Development of Executive Functions: Implications for Educational Policy and Practice
Executive functions refer to top–down processes utilized in goal-directed behavior. Executive functions and academic achievement relate robustly, from early childhood through adolescence. Executive functions and their neural networks appear to be malleable, and environments can support their development. Varied approaches, including educational curricula, structured physical exercise, and computer-based training, can improve executive functions. The intervention work suggests that children who are most “at-risk” demonstrate the largest gains, but evidence of far transfer to academic achievement or other behavioral outcomes that are important to schools is at this point only promising. The review highlights developmental considerations for measurement and intervention, and discusses implications for schools in supporting children’s development of executive functions. Policy implications of the scientific findings suggest strategies for providing environments that foster the development of executive functions.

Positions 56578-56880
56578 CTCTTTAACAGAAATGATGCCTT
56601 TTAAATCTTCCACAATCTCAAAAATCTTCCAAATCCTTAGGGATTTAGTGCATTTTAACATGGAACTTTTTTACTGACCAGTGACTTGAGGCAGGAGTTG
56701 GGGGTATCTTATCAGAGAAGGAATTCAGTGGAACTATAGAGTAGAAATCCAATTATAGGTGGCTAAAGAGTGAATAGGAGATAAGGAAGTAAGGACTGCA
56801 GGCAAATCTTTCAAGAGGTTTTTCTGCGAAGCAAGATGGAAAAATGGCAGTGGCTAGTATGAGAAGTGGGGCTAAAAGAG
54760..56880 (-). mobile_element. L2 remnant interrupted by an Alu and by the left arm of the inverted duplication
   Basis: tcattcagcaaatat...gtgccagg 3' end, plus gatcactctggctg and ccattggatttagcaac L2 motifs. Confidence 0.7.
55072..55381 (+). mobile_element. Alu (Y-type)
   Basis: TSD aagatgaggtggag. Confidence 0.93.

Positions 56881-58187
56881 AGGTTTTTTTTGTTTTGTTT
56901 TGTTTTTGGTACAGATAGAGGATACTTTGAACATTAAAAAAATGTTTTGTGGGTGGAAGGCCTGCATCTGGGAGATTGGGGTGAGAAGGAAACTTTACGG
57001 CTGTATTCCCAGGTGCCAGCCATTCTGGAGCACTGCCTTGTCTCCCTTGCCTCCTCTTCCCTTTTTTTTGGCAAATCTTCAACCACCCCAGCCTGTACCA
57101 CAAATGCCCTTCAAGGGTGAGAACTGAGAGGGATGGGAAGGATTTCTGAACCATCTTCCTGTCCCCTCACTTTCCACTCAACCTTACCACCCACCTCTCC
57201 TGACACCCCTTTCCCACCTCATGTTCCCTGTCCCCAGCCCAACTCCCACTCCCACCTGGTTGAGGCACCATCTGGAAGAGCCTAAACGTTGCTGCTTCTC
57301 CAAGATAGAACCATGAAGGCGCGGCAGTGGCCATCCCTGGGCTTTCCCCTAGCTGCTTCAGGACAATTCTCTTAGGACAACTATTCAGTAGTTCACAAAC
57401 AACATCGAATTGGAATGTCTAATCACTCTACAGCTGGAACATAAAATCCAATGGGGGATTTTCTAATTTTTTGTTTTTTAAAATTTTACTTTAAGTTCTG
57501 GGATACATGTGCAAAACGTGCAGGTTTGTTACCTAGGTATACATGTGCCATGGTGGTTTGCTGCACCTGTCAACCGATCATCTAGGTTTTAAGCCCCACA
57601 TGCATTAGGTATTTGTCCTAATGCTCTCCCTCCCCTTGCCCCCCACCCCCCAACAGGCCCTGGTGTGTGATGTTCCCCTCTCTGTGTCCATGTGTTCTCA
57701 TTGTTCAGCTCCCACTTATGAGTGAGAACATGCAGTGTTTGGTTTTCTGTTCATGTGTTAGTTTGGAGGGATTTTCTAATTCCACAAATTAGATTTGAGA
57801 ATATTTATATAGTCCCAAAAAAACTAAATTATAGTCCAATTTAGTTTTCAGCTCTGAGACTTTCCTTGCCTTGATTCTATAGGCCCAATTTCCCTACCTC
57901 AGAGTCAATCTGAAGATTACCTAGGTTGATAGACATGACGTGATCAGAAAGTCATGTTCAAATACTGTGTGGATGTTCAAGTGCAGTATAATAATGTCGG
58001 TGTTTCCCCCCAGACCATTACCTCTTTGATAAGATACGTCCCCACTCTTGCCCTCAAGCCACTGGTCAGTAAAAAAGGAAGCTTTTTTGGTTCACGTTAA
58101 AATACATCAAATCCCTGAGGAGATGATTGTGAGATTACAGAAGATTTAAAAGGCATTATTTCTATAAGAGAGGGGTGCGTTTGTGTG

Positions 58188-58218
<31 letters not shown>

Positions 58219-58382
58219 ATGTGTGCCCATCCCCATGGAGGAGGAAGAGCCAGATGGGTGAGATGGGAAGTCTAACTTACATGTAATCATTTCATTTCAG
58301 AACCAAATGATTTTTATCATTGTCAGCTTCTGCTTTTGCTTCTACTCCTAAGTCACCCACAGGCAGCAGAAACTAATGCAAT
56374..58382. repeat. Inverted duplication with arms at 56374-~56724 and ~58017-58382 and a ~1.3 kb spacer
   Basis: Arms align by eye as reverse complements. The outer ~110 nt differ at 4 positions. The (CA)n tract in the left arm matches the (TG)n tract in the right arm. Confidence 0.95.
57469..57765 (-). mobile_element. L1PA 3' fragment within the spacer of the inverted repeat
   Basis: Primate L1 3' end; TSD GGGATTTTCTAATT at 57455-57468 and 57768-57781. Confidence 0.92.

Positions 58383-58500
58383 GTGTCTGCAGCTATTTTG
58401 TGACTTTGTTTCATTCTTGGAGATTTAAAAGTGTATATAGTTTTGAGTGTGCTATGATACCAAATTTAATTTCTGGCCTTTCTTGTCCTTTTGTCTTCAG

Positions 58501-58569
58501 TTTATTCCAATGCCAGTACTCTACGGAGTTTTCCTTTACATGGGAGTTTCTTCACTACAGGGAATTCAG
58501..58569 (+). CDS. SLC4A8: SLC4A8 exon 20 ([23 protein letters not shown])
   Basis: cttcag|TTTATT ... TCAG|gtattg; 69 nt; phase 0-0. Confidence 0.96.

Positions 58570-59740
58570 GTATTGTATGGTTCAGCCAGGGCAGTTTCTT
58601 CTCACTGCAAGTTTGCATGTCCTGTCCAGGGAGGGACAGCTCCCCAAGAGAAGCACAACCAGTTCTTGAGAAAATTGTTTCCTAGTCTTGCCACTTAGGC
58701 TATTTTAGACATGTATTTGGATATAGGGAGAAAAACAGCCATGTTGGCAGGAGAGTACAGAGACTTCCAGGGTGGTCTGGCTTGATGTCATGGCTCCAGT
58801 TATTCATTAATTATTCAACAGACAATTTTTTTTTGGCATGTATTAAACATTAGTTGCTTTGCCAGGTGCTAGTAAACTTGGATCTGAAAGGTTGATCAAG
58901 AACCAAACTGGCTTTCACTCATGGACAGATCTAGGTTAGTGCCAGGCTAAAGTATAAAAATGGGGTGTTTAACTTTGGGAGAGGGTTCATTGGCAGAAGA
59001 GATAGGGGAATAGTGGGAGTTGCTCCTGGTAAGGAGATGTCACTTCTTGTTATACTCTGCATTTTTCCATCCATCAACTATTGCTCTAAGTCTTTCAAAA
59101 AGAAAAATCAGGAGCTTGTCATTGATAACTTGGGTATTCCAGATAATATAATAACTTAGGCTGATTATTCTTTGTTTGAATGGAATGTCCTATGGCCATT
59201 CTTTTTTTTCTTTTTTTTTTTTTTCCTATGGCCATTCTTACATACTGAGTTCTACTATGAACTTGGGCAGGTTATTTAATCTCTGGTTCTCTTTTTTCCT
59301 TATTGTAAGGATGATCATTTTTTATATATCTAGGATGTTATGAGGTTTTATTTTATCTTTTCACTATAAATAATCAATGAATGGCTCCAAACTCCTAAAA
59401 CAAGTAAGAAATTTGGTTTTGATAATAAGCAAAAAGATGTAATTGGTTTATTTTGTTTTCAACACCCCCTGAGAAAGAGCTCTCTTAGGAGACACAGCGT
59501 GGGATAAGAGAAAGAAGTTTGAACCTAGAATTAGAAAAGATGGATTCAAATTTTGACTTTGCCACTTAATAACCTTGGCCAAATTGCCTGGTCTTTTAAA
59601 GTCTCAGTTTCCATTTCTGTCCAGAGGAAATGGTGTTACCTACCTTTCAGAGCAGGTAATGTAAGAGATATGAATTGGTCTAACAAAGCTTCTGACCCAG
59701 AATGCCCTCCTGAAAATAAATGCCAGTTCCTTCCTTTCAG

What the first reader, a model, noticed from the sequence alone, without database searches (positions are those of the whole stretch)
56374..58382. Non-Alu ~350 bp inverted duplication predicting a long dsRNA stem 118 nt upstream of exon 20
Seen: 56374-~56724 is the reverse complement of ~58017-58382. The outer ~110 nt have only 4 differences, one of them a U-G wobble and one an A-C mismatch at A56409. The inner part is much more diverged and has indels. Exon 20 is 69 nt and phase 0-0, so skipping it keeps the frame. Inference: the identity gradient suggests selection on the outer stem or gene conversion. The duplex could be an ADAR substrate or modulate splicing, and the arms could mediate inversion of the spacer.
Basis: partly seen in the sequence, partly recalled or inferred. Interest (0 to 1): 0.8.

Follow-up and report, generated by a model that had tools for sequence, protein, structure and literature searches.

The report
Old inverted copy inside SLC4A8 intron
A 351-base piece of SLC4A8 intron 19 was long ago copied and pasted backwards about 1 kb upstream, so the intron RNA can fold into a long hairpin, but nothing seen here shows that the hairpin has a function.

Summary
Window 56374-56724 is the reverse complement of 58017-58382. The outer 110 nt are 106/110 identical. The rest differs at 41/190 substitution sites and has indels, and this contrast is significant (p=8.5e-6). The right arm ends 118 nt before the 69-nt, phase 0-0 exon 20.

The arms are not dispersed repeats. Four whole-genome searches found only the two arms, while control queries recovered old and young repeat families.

Policy Insights from the Behavioral and Brain Sciences
Serpell, Zewelanji N. and Esposito, Alena G., "Development of Executive Functions: Implications for Educational Policy and Practice" (2016). Psychology. 280.